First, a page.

The Bechdel, Russo, and Race Test: The K2 – Season 1, Episode 4

When Yoo-Jin learned on The K2, episode 4, that Je-Ha hated Gwan-Soo just as much as her, she hired him (Je-Ha) and assigned him An-Na’s personal bodyguard.

The Bechdel, Russo, and Race Test

Episode 4 passed the race test but it did not pass the Bechdel or Russo test.

The cast of episode 4 was primarily Asian and none of the non-White individuals in the episode ever mentioned anyone White. As such, there were many instances where non-White individuals talked to each other without mentioning White individuals and episode 4 thus easily passed the race test.

In regards to how episode 4 fared when it came to the Bechdel test, there were a few named women in the episode, and while there was a time or two where some of these women talked to each other, episode 4 ultimately failed to pass the Bechdel. Why? Because whenever named women talked to each other, they mentioned men.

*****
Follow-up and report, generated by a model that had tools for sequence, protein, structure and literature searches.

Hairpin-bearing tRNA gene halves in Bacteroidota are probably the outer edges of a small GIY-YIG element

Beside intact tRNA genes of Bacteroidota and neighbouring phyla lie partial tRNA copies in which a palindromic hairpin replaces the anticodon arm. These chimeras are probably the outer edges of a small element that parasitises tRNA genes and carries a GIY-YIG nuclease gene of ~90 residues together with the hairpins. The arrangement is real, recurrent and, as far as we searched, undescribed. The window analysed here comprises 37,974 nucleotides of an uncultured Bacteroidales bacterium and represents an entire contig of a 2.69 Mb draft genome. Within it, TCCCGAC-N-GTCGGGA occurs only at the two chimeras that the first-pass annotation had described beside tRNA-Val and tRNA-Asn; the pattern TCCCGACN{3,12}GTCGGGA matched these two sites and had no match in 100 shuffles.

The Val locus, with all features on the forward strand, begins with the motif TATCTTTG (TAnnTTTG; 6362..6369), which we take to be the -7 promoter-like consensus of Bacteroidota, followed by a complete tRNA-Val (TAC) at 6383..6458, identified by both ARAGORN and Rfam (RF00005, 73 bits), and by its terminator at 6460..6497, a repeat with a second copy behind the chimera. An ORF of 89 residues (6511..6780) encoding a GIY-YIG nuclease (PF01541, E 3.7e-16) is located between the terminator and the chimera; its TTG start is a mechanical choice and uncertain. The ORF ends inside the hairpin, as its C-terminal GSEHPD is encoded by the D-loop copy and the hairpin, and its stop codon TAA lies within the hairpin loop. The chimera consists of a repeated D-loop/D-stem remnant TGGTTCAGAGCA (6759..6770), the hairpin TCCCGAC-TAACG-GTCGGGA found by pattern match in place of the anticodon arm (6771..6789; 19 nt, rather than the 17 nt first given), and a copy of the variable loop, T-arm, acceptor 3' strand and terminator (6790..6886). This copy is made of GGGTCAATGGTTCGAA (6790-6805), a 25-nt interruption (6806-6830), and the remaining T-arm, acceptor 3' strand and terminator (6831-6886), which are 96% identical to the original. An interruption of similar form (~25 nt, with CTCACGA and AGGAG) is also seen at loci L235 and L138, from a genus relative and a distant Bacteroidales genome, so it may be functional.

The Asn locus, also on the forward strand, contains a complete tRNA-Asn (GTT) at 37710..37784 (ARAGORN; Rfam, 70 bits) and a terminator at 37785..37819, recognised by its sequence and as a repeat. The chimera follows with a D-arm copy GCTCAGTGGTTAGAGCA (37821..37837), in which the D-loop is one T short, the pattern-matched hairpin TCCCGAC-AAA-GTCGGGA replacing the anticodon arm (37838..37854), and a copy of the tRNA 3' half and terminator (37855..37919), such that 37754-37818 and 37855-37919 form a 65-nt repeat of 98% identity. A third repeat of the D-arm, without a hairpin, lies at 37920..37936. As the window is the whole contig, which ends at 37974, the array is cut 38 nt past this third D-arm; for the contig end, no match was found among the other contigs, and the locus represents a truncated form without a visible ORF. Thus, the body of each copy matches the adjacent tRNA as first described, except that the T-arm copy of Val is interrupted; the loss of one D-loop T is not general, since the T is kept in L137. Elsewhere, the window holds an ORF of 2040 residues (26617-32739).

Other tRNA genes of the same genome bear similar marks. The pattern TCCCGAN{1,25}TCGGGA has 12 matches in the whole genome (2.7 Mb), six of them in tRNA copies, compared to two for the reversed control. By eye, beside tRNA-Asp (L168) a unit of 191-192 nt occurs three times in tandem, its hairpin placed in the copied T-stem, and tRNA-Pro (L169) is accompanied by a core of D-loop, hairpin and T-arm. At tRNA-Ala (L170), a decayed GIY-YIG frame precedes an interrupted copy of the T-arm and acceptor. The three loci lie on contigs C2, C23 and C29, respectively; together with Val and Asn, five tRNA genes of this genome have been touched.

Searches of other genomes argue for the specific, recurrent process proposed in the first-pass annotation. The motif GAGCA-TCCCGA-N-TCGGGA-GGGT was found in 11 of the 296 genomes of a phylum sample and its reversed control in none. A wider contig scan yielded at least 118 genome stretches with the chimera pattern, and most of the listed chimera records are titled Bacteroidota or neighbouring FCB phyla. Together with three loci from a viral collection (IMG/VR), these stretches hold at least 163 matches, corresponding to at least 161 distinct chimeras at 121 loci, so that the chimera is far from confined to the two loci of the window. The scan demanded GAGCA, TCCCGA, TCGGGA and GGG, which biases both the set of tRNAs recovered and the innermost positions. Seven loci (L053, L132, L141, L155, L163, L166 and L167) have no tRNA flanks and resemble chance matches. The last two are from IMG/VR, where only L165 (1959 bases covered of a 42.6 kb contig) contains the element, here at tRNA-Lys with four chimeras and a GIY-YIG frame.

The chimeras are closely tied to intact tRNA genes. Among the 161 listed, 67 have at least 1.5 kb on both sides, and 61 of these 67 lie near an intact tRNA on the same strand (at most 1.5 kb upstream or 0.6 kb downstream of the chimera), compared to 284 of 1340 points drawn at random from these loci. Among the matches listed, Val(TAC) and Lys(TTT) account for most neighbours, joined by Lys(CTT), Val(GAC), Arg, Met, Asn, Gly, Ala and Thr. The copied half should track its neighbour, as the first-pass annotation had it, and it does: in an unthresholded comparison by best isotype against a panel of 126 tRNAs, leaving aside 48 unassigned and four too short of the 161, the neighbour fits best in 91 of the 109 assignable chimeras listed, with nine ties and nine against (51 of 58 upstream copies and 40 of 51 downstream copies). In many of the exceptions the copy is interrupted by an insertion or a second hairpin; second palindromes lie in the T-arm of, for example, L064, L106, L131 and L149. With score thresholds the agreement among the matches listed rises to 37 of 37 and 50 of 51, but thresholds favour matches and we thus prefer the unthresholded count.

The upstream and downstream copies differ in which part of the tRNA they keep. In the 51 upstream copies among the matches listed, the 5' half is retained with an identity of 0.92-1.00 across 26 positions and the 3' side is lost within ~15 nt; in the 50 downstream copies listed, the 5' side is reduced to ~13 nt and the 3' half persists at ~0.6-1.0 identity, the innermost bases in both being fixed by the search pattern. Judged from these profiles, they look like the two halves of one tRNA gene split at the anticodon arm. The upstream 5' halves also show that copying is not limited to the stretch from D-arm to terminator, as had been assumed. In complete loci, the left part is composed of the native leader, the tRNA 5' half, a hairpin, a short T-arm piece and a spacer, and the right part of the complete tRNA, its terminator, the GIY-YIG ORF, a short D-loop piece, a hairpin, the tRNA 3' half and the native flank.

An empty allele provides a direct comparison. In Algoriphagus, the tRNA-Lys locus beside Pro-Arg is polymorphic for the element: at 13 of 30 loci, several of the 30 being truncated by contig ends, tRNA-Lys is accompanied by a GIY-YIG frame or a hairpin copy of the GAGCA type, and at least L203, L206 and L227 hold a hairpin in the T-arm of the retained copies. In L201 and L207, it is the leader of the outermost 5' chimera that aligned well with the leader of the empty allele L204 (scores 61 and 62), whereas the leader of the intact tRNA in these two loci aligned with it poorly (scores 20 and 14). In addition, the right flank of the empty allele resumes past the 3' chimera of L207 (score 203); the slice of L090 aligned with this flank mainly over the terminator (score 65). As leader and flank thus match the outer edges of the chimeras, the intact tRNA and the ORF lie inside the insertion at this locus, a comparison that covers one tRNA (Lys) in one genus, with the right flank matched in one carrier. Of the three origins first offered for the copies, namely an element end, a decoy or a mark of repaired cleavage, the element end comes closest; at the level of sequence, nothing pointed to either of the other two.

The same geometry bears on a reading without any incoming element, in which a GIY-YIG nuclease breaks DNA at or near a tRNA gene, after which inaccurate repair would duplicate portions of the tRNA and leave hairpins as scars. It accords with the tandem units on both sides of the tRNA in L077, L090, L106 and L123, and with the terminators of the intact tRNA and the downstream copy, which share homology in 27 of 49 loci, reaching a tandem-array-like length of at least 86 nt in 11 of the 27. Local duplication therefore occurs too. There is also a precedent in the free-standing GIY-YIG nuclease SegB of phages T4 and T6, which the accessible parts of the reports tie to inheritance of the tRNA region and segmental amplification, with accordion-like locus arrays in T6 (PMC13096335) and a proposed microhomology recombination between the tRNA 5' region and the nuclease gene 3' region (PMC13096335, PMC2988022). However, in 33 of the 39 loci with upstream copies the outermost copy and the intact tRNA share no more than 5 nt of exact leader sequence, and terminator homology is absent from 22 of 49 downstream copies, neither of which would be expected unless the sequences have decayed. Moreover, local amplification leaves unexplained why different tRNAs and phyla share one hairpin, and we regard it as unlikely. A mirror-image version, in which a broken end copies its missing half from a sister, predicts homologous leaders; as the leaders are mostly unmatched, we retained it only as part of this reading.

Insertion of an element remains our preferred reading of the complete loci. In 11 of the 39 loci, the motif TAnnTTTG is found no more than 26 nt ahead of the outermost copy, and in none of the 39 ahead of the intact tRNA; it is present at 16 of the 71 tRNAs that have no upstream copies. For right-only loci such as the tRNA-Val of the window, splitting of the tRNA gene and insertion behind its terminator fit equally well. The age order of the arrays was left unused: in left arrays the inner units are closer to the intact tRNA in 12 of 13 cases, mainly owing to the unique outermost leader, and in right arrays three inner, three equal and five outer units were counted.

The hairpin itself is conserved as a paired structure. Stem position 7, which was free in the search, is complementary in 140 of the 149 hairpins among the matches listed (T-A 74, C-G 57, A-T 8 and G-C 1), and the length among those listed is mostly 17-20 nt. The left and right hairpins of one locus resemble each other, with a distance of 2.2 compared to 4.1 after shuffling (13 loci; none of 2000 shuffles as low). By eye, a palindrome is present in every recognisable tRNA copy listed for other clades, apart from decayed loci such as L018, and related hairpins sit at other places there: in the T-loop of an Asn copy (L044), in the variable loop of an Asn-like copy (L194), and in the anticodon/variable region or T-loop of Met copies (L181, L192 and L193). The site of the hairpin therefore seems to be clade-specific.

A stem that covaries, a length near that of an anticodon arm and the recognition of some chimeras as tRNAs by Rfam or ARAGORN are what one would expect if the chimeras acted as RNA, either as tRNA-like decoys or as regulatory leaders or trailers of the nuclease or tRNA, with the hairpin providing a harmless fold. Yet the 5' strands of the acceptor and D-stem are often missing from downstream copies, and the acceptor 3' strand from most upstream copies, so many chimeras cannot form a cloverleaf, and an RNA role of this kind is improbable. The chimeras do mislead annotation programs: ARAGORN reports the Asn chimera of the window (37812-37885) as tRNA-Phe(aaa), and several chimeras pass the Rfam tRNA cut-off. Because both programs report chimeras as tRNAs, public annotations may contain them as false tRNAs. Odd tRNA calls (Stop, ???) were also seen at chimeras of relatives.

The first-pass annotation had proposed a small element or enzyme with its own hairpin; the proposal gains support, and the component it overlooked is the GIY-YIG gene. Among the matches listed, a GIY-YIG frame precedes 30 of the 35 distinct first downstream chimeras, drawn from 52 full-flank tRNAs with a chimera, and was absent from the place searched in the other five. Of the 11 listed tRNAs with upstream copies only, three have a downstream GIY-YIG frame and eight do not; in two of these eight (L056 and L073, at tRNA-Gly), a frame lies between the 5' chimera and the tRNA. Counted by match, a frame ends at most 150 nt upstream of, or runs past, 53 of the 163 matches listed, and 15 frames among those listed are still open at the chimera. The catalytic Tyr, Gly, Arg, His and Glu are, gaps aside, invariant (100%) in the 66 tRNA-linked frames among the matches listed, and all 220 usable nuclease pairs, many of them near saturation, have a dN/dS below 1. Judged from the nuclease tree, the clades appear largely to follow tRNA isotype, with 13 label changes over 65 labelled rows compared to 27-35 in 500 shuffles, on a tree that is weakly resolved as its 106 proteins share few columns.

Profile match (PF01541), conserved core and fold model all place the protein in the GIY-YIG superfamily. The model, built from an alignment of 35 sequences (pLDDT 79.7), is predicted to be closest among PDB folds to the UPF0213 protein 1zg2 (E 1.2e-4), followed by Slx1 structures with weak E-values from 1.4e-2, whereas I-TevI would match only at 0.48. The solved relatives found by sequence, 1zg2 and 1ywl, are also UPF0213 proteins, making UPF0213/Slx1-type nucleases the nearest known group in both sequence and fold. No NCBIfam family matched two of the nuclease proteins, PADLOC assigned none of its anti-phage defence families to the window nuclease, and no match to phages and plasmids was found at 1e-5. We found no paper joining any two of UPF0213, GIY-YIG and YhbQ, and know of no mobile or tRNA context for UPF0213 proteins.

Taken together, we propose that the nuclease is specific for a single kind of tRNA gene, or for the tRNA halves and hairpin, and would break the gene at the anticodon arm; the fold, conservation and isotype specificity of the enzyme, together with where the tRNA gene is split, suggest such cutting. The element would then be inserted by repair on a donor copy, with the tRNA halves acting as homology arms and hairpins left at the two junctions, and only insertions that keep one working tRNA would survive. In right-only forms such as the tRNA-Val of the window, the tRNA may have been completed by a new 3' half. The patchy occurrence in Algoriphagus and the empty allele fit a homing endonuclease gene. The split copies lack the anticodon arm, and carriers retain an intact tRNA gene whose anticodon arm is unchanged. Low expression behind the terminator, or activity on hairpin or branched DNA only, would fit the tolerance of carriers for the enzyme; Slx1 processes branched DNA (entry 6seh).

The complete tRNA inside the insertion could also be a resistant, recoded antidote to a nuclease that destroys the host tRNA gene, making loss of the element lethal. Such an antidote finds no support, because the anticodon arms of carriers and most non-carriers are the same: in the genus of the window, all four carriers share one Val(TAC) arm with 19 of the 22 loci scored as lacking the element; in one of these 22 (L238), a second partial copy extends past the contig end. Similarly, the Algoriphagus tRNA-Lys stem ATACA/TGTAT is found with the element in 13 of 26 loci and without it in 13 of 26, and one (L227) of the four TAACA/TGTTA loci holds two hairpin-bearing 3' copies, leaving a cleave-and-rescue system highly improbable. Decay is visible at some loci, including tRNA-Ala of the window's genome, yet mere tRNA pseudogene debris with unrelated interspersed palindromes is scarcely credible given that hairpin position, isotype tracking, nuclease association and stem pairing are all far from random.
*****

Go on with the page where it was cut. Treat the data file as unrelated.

Episode 4 also failed to pass the Russo test, and as to why the episode did not pass the diversity test, there were no LGBTI characters in episode 4.

*The Bechdel test entails three requirements:
1. It has to have at least two (named) women in it
2. Who talk to each other
3. About something besides a man

**The Vito Russo test entails three requirements:
1. The show contains a character that is identifiably lesbian, gay, bisexual, intersex and/or transgender
2. The character must not be solely or predominately defined by her sexual orientation, gender identity and/or as being intersex
3.The character must be tied into the plot in such a way that her removal would have a significant effect

***The race or people of color (POC) test has three requirements:
1. It has two people of color in it
2. Who talk to each other
3. About something other than a White person

****Just because a show passes the Bechdel, Russo and race test does not mean that it is not sexist, heterosexist, racist and/or cissexist, etc. The Bechdel, Russo and race test is only a bare minimum qualifier for the representation of LGBTI individuals, women and people of color in television. The failure to pass these tests also does not identify whether the central character was a woman, a person of color or a LGBTQI individual and it does not dictate the quality of the show.

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